Can I Drive On a Broken Birfield?

You might wonder how far you can get on a stock broken Birfield or an aftermarket chromoly Birfield. It turns out that you probably won't get far.
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Birfields are the definite weak point of Toyota solid front axles. If you break one you should stop and change it immediately if possible to prevent other parts from being mangled and to keep your steering from binding up from the broken pieces floating around inside your enclosed knuckle. 

Why Do Birfields Break?

Birfield axles break because of weak Birfield bells in extreme turns and inner axle shafts necking down to 27 splines.

Birfields usually break at the bell. This seems to almost always occur at extreme angles, meaning you've got the steering wheel cranked all the way over to one side. At this extreme angle the bearings inside the joint are distributed like this: Some are positioned inside the bell and some are close to the edge of the bell at its weakest point. Add some larger tires and low gears, and you'll easily shatter the bell at the weak little pressure point you've created. This was the most common failure point for Birfields until people started reinforcing them with rings, then making them out of chromoly.

Once everyone installed new chromo Birfields (AKA the outer stub axle), everyone started breaking inner axle shafts where they neck down to enter the Birfield. A typical Toyota shaft starts at 30 splines at the carrier, reduces in diameter and splines to 27 splines in the Birfield joint, then increases back to 30 splines at the hub. So next came 30 spline chromoly inner axle shafts.

With a full 30 spline axle shaft made of chromoly, Toy wheelers added more horsepower and bigger tires so that they could destroy Birfield joint internals and then inner axles shafts again. So now you can get full 30 spline Toyota chromoly axle sets with 300M inner axles and 300M inner races.

How Can I Keep My Birfields From Breaking?

If you want to keep any Birfield from breaking (stock or aftermarket) make sure that your steering stops are properly adjusted and that your steering stops aren't mashed to ineffectiveness. If your Birfields effectively function as your steering stops you've got two problems in an extreme turn:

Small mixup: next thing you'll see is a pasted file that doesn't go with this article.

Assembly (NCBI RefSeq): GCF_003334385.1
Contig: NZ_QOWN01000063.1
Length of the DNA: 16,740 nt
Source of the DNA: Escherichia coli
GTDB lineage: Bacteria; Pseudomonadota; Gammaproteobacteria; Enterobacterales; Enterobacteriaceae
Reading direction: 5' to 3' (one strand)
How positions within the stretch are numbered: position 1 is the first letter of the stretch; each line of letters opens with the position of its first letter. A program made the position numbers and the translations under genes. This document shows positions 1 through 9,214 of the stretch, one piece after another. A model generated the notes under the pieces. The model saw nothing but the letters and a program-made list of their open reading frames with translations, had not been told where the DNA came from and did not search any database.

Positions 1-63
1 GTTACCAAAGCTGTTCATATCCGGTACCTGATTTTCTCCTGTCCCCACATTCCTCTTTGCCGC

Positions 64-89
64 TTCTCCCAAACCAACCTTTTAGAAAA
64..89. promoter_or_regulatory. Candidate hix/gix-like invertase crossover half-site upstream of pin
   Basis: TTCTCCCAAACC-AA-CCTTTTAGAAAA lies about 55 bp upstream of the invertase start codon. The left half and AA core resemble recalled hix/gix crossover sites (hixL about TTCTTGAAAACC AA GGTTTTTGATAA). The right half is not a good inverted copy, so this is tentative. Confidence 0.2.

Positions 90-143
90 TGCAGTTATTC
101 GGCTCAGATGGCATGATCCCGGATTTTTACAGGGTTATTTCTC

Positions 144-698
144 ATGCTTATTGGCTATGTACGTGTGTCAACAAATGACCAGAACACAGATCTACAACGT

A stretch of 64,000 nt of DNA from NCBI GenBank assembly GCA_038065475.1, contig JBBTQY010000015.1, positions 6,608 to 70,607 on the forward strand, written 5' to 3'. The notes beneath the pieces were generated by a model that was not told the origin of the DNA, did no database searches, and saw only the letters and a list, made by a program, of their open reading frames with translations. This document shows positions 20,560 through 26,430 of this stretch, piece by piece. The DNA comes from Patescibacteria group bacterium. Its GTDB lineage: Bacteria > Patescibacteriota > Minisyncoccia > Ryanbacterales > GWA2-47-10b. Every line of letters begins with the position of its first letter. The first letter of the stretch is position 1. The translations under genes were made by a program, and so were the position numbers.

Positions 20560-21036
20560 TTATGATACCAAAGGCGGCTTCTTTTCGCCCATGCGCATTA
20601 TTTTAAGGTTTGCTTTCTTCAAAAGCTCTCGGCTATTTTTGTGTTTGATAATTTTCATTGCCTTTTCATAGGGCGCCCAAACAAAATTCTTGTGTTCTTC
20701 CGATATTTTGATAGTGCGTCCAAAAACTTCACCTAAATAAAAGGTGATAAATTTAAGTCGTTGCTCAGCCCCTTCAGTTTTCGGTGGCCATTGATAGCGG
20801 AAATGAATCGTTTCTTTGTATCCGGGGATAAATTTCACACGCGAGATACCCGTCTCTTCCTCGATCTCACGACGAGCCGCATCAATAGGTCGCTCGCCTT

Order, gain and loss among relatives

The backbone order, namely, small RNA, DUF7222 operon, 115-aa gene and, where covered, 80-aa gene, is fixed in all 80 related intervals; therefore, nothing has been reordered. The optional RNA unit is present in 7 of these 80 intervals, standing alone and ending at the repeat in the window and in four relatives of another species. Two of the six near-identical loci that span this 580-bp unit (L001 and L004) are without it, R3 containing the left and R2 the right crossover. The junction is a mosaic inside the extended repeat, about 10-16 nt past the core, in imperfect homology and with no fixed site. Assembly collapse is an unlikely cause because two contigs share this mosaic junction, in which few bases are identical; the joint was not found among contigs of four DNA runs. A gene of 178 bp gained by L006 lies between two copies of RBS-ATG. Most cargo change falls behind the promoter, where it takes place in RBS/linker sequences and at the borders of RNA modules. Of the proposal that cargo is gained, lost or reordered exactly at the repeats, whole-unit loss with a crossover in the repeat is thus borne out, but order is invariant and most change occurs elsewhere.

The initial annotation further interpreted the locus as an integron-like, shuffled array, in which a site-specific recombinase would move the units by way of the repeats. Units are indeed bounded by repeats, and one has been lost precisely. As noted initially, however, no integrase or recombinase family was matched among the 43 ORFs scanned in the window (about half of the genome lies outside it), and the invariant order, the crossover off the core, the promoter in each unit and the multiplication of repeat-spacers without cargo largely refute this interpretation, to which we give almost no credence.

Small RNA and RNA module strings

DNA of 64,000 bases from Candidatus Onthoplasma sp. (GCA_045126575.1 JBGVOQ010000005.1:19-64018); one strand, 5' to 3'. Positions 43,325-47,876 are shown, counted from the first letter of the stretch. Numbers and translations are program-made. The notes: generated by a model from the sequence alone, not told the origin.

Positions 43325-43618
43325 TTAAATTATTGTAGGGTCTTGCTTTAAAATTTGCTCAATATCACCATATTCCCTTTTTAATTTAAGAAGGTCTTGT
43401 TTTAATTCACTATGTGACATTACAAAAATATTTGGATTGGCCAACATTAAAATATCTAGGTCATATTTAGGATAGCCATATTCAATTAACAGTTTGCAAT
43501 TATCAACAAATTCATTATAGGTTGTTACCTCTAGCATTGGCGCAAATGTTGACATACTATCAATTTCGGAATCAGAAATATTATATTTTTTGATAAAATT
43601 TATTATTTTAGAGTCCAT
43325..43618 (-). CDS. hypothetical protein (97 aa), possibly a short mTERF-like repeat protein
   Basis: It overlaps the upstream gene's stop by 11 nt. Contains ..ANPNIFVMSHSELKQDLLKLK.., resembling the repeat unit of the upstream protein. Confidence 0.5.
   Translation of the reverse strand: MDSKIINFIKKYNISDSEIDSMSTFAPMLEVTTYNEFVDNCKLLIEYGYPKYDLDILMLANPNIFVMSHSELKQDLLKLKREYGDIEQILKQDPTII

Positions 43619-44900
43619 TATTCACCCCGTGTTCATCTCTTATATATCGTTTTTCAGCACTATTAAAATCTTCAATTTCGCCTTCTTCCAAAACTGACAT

1. The bearings near the center of the bell can run out of race and bind.
  2. The bearings near the edge of the bell are even nearer to the edge than they should be.

We'd suggest jacking up the front of your rig and turning your front tires all the way to the left and spinning each side with the hubs engaged. If you detect funny noises, see that the stops aren't contacting the knuckles, or suspect binding, adjust the stops out until everything seems okay. Then turn the wheel all the way to the right and repeat the process. While you're in there, save your knuckle studs and torque them.

Can I Drive on a Broken Birfield?

No. The problem is that the Birfield joint is contained in the enclosed knuckle housing. If you break parts, there is nowhere for them to go except spin around and grind other stuff to pieces. Driving with broken Birfield pieces can also cause your steering to bind up. Suddenly not being able to turn your wheels is, ahem, a large problem. What's worse, you could end up jamming parts together, making it even harder to disassemble when you finally go to repair it. It doesn't take much to wreck parts - a couple hundred feet could easily do it.

What kind of stuff can you wreck ? How about the trunion bearings, the inner axle seal, and sometimes even the spindle, locking hub, and wheel bearings. It'll also gouge the inside of the knuckle housing which may or may not require some deburring depending on where the damage is.

If you were in an emergency situation, you could unlock your locking hub and attempt to drive out in three wheel drive (assuming lockers). However, your inner axle shaft will continue to spin - if the star is intact it'll keep wreaking havoc. You could also put it in two wheel drive which will prevent your inner axle or outer axle from spinning. But in both the 3WD and the 2WD scenarios, you still need to worry about your steering binding up. We suggest moving the minimum distance in 2WD if possible and immediately removing the broken parts.

At the very least, you can remove all your broken Birfield axle parts and still drive out in 3WD.